Jacqueline Monahan's Movie Reviews
Flight | Denzel Washington, Don Cheadle, John Goodman, Bruce Greenwood, Kelly Reilly, Melissa Leo | Review
- Category: Jacqueline Monahan
- Published on 02 November 2012
- Written by Jacqueline Monahan
Las Vegas Round The Clock
Jacqueline Monahan is an educator for the GEAR UP program at UNLV.
She is also an entertainment reporter for Lasvegasroundtheclock.com
Flight | Denzel Washington, Don Cheadle, John Goodman, Bruce Greenwood, Kelly Reilly | Melissa Leo | Review
If ever there were a cautionary tale about drunk driving, well, flying, it’s this one.
William Whip Whitaker (Denzel Washington) is a divorced, hard living pilot who soaks, snorts, and smokes himself into continual substance saturation. Then he gets into a plane and manages to achieve a crash landing with only six casualties out of 102 due to his skill, quick reflexes, and cool head.
The NTSB investigation that follows centers on equipment failure and pilot error, but Whitaker’s got a savvy lawyer (Don Cheadle) and a friend in the airline union (Bruce Greenwood) to smooth things over. He’s also got Harling Mays (John Goodman) a pony-tailed pal in another type of business that entails lines of white powder and rolled money tubes.
Whitaker meets addict Nicole (Kelly Reilly) while recuperating in the hospital and they understand each other’s struggle, although Nicole is trying to recover while Whitaker seeks immersion in his favorite vices – driven by the fact that he could be found guilty of manslaughter at the conclusion of the NTSB investigation headed by Ellen Block (Melissa Leo).
Other complications include his relationship with estranged ex-wife Deana (Garcelle Beauvais) and disillusioned son Will (Justin Martin). The sometimes arrogant, sometimes introspective pilot is capable of shedding a tear or two between moments of clarity and blackout.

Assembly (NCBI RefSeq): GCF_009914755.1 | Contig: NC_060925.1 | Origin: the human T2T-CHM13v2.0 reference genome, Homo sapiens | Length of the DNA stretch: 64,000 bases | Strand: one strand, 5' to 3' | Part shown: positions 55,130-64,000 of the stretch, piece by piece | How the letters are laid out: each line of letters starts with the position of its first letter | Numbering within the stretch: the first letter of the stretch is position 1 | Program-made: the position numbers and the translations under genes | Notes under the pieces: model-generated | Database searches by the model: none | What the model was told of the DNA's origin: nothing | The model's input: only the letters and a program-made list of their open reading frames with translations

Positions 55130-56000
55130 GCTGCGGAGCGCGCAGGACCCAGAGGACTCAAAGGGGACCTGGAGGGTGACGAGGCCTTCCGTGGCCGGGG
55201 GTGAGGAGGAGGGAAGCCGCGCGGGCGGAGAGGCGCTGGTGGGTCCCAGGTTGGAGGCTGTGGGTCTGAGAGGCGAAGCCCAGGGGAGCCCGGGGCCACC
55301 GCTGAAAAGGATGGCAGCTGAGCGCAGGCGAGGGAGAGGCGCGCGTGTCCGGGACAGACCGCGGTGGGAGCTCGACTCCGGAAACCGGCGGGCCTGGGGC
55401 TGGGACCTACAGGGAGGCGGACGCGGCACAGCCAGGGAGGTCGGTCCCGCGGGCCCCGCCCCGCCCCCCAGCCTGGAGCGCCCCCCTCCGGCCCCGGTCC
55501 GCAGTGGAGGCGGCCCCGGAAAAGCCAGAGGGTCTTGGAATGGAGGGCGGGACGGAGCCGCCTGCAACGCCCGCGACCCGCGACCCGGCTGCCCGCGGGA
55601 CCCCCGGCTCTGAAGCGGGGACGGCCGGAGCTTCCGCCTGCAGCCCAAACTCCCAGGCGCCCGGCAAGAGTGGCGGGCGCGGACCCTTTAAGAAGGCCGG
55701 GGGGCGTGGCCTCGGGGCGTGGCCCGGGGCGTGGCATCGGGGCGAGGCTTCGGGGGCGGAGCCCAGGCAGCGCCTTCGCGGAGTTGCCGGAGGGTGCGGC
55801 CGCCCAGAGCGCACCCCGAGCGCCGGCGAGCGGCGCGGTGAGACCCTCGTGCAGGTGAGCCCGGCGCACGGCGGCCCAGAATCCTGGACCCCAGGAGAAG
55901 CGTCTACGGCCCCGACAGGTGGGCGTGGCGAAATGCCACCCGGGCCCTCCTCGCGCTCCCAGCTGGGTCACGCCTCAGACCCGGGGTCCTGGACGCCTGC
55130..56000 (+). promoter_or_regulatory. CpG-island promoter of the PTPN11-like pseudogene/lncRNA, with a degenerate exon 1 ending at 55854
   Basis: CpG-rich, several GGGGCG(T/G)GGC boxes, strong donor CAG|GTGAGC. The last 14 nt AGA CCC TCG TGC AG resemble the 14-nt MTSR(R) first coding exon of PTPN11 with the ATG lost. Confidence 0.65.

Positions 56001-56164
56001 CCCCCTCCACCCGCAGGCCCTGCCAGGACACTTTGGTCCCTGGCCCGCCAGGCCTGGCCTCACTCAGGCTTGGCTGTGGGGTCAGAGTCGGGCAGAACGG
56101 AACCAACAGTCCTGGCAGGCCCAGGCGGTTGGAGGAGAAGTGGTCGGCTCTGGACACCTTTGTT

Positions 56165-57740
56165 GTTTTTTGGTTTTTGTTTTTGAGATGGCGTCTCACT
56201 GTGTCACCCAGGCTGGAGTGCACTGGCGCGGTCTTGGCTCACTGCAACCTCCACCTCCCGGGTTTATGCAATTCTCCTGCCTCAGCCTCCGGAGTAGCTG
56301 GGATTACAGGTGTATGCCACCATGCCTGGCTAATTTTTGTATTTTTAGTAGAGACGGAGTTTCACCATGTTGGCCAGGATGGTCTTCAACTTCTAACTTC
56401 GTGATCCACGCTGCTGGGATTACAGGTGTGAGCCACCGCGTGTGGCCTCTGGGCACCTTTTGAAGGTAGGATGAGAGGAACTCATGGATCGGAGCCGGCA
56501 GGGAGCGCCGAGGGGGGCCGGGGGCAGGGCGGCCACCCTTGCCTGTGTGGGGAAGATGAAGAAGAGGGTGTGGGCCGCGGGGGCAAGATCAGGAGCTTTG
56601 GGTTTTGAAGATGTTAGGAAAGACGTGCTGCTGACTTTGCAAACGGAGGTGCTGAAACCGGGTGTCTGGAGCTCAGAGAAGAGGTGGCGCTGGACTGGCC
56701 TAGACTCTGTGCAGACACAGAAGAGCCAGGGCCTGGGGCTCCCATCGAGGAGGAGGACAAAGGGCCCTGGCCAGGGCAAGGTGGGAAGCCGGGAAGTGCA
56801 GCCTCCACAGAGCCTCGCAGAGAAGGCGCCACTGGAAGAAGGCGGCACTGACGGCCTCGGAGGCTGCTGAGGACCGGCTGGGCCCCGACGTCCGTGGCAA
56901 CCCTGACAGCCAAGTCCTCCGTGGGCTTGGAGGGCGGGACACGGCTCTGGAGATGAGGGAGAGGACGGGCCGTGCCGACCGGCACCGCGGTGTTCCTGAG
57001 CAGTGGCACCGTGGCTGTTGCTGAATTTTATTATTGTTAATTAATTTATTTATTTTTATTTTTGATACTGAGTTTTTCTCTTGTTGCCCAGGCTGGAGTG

The film belongs to Washington, whose face must reflect a host of conflicting emotion, including anger, regret, confusion, and resolve. Goodman provides a forced comic relief, but it is because he is so well-liked and recognizable, not his loud, laughably accented character. Cheadle has one of those nuanced faces, particularly adept at transmitting pain, betrayal, and anger without having to open his mouth.
Reilly’s recovering addict Nicole is not given enough depth to know much about her except that she is supposed to be the embodiment of a conscience that Whitaker may or may not possess. The chameleon-like Leo has a short, pivotal scene that by necessity distills her screen presence into a one-two punch of bureaucracy and sensitivity.
Director Robert Zemeckis (Forrest Gump, Back to the Future) kick starts the adrenaline quickly, and then brings the action back down to the mundane events of everyday life that contain the bulk of the drama.
From a plane’s descent to a man’s, Zemeckis details the subtle amplification of guilt, denial, rationalization, and addiction by focusing on one dubious anti-hero instead of special effects (and they are amazing). During the first 15 minutes you’ll be taken along on a white-knuckle shriek of a ride, experiencing both Whitaker’s flaws and expertise in a way that can cause the character’s inner conflict and outer bravado to clash, crashing and burning in the pilot’s own personal pocket of turbulence.
What’s a guy to do when everything’s on the line, but the only line that matters is something he snorts?
As the Tom Petty song declares:
“I’m learning to fly, but I ain’t got wings. Comin’ down is the hardest thing.”
Sometimes even back on earth, there’s a whole lot farther to fall.